Saturday, May 03, 2014

Honing Your Trading Process - Part One

We often hear of the importance of having a "trading process".  But what goes into such a process and what is it so important to be process-driven?  This two-part series will offer perspectives.

In such fields as manufacturing and health care, a process orientation is essential to quality control.  Surgeons, for example, operate under the guidelines of best practice routines to reduce complications and maximize outcomes.  Reliance upon a standard set of procedures reduces the variability of outcomes.

When Margie and I visited the Two Roads brewery in Stratford, CT, we were surprised to see how few people were involved in the brewing process.  Almost everything was computerized and automated.  This automation ensured that each step of the brewing occurred at exactly the right temperature, for exactly the right amount of time, with exactly the right amount of ingredients.  Once the brewer has the desired recipe, the key to successful production is standardization:  making the same excellent product every single time.

From a quality control vantage point, replacing subjectivity with objectivity is generally a desirable outcome.  The expert chef can get away with estimating ingredients by adding "a pinch here", but most of us are not experts.  If a machine can add the precise pinch, a potential source of error is removed.

In an activity such as trading, where emotions in the heat of battle can introduce wild elements of subjectivity, a process orientation is essential to success.  Algorithmic trading is the Two Roads version of money management, where every decision is precalculated and automated.  Yet even discretionary trading can be made rule-governed and process-guided.  An analogy would be playing poker or chess:  there are rules for making good and bad bets and good or bad moves on the board, even as there is considerable room for individual judgment.  Similarly, a football quarterback may call an audible at the line of scrimmage to take advantage of a defensive alignment, but the play called will have been pre-structured and well rehearsed.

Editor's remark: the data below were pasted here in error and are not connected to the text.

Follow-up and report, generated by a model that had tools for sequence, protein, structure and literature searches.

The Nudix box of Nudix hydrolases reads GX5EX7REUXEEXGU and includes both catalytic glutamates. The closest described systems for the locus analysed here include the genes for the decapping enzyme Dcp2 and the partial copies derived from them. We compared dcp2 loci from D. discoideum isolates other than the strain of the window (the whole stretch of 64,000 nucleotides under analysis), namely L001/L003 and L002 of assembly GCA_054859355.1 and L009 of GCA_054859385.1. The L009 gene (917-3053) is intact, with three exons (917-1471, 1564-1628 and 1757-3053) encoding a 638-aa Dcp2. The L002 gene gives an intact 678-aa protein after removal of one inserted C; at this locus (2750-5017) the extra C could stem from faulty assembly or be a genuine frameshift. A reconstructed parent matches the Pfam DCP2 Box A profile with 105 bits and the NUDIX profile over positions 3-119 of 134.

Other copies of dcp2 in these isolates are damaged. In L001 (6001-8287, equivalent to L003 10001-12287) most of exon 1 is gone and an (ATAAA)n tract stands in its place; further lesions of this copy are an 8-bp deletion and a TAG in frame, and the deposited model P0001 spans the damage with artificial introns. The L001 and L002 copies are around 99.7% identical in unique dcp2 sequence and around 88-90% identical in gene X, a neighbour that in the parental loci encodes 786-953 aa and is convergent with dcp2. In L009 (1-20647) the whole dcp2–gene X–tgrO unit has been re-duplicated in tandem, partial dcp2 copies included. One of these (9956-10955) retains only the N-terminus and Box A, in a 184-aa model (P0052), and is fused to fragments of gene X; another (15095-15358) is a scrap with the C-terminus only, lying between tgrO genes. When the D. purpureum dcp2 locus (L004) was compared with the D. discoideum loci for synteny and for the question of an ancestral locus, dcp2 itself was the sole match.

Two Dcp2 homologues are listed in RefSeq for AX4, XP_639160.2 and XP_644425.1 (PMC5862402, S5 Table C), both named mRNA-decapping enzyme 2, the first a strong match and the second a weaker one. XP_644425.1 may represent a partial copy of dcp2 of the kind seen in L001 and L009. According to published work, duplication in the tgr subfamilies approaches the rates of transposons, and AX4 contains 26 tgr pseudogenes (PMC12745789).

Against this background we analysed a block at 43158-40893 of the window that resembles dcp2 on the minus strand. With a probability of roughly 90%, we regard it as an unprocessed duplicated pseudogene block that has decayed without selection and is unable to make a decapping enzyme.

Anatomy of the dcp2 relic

The areas of trading that can typically be made more process-driven include:

1)  Research and idea generation:  Procedures for coming up with good trade ideas and investment theses;

2)  Trade expression:  How to structure the trade to achieve optimal reward to risk;

3)  Risk management:  How to bet enough on the idea to achieve a desired return on capital, but also to avoid an undesired drawdown;

4)  Trade management:  How to handle the position once it is on, including points to stop out, scale in, scale out, and take profits;

5)  Portfolio management:  How to allocate capital across trades to diversify returns and optimize equity curves;

6)  Self-management:  Procedures you implement to keep yourself in an optimal state for recognizing opportunity/threat and making decisions under time and emotional pressure.

Each of these areas can be mapped out and distilled into principles and checklists.  The checklist for an equity long/short investor will necessarily differ from that of the daytrader, but the categories will be similar.

If you are a process-driven trader, you can write a substantial essay for each one of those categories.  Indeed, if you were seeking capital for your trading, questions about each of the six categories above, along with detailed examples, would anchor an effective interview.

If your essay or interview responses would consist of a few sentences of generalizations, you know that your processes can be elaborated and tightened up.  Ultimately, your responses to the above should map to a distinctive and demonstrable edge in the marketplace. 

The goal is to figure out your best trading and then help you become as consistent as possible in enacting what you do best.  Your process should be the distilled essence and procedural expression of your greatest strengths.

In the next post in this series, we'll take a look at how you can elaborate your processes and make them more robust.

Further Reading:  Reflections on Trading Process